12 months ago

The herbal cosmetics industry has recorded an impressive growth in the last decade. From small cottage industries to multi-million dollar businesses, there are today many contenders in the market. With rising concerns about the long-term impact of chemicals in beauty products, its international scope is also looking very impressive.

However, there are also some severe challenges that the industry has to overcome.

Scarcity of raw material:
The raw material for a herbal cosmetics company cannot be mass produced in a factory. Neither can one reproduce these in a matter of minutes in a laboratory. Instead herbal cosmetics require the careful cultivation of plants and herbs in their natural environment.

Two factors have added to the problem in sourcing here. One is the disappearing land for cultivation. In a country where land itself is a premium, land for large scale cultivation of plants and herbs is almost impossible to procure. The solution has often been to grow these in a nursery where the environment can be controlled. Yet, supply chain is severely limited.

The other factor that affects the cultivation is the lack of any sustained agricultural/horticultural practices. Because we are dealing with living beings and not chemicals, attention to a sustained growth pattern is essential.

Poor quality of raw material:
The problems with sourcing are compounded by the poor quality of raw materials. In herbal cosmetics the quality of raw materials is critical. Since the end products are completely dependent on what we put in, any adulteration can spoil the entire batch. The problem here is not intentional adulteration, but unintentional adulteration.

Poor soil quality and rampant use of pesticides and fertilizers means that most of our plants and herbs actually have a very high content of harmful chemicals. These are then carried on to the cosmetics. As a result, many of the products manufactured by Indian herbal cosmetics company are found to contain harmful chemicals like lead. This has led to problems with standard compliance, especially in the international markets.

Not enough R&D:
Most herbal cosmetic companies rarely invest in serious R&D. Most of them are reliant on age old practices and formulations. While that is perfectly acceptable, given some of Indian’s ancient traditions, it has severely hampered development of manufacturing practices. There is not enough attention paid to improving processing techniques in order to enable mass production.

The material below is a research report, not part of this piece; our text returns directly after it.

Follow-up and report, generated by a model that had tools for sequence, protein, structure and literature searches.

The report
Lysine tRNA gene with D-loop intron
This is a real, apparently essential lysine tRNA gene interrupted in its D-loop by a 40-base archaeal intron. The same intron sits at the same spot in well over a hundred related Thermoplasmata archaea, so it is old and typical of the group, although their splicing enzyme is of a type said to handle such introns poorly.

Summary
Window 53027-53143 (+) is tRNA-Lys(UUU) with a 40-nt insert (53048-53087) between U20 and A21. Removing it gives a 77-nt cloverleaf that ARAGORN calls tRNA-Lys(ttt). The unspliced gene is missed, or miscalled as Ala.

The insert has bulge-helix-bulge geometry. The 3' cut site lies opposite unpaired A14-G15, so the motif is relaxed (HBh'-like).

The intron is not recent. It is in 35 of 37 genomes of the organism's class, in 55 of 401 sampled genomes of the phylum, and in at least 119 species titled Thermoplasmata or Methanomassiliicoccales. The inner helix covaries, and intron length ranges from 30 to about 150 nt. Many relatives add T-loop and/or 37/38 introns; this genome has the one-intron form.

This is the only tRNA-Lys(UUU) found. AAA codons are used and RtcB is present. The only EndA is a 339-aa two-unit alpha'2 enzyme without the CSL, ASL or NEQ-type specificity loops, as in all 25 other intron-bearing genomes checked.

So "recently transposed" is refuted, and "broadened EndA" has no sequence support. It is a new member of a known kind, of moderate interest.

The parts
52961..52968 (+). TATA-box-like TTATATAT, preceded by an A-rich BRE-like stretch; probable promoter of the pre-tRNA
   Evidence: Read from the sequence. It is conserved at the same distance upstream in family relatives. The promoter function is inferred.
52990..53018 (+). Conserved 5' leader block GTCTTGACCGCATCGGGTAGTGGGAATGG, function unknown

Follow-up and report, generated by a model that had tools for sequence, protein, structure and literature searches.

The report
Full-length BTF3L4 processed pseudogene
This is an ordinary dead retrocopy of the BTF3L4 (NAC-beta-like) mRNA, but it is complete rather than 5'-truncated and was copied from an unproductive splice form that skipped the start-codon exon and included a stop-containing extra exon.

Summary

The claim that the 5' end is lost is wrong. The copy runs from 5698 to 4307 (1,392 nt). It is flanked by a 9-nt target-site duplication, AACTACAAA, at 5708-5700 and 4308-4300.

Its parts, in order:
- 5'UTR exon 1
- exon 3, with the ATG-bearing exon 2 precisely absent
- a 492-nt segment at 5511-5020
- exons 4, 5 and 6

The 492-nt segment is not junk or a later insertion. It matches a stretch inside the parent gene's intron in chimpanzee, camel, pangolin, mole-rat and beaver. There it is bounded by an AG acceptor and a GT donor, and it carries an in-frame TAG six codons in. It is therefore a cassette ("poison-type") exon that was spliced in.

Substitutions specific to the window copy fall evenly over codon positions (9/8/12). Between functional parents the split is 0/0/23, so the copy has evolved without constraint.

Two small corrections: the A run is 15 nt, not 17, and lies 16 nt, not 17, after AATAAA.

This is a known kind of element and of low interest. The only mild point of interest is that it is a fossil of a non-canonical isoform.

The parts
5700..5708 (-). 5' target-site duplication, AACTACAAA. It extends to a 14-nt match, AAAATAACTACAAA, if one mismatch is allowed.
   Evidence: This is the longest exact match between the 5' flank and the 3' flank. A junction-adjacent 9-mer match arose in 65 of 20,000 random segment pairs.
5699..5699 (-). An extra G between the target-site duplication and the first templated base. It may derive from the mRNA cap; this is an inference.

In the beginning herbal companies were not really competing with the really big names of the cosmetics industry. Instead, they were in a niche of their own. However, even this niche is getting overcrowded with many companies now in the contention. Even the bigger corporations have now diverged into their own herbal line as demand for herbal products increase.

Internationally, Indian companies face even stiffer competition. Although the herbal cosmetics industry is predicted to grow at a very healthy rate, most of the market is dominated by Chinese companies. Indian companies have to catch up in price and availability.

Lack of documentation:
Unlike conventional cosmetics, there is extremely insufficient documentation of herbal cosmetics. Most herbal cosmetics depend on traditional methods or Ayurvedic formulations in their manufacturing. Some of these are passed down through generations, while some are documented. Even when documented, few of these can compare to the extensive clinical, pharmacological, and toxicological documentation available for conventional beauty products. This further hampers the herbal industry when it comes to the international market.

Failure to comply with international standards:
A number of herbal and handmade cosmetics products have failed when testing for international standards. One of the reasons is the poor quality of raw materials as specified above. But the other more worrying aspects is the lack of standardization of processes within the industry. Since the processing of one batch often differed from another, a single company’s own product line may not have a standard output. This makes compliance with certain rules difficult, especially in some developed markets. One solution is to make the processing more organized and industrialized. This ensures the same ingredients and quantities are used.

The herbal cosmetics industry will continue post impressive growth in the next decade. However, to reach its full potential it must also address some very serious challenges, especially regarding the quality of raw materials. Research and development in improving processing and sourcing could have a major impact in meeting these challenges.

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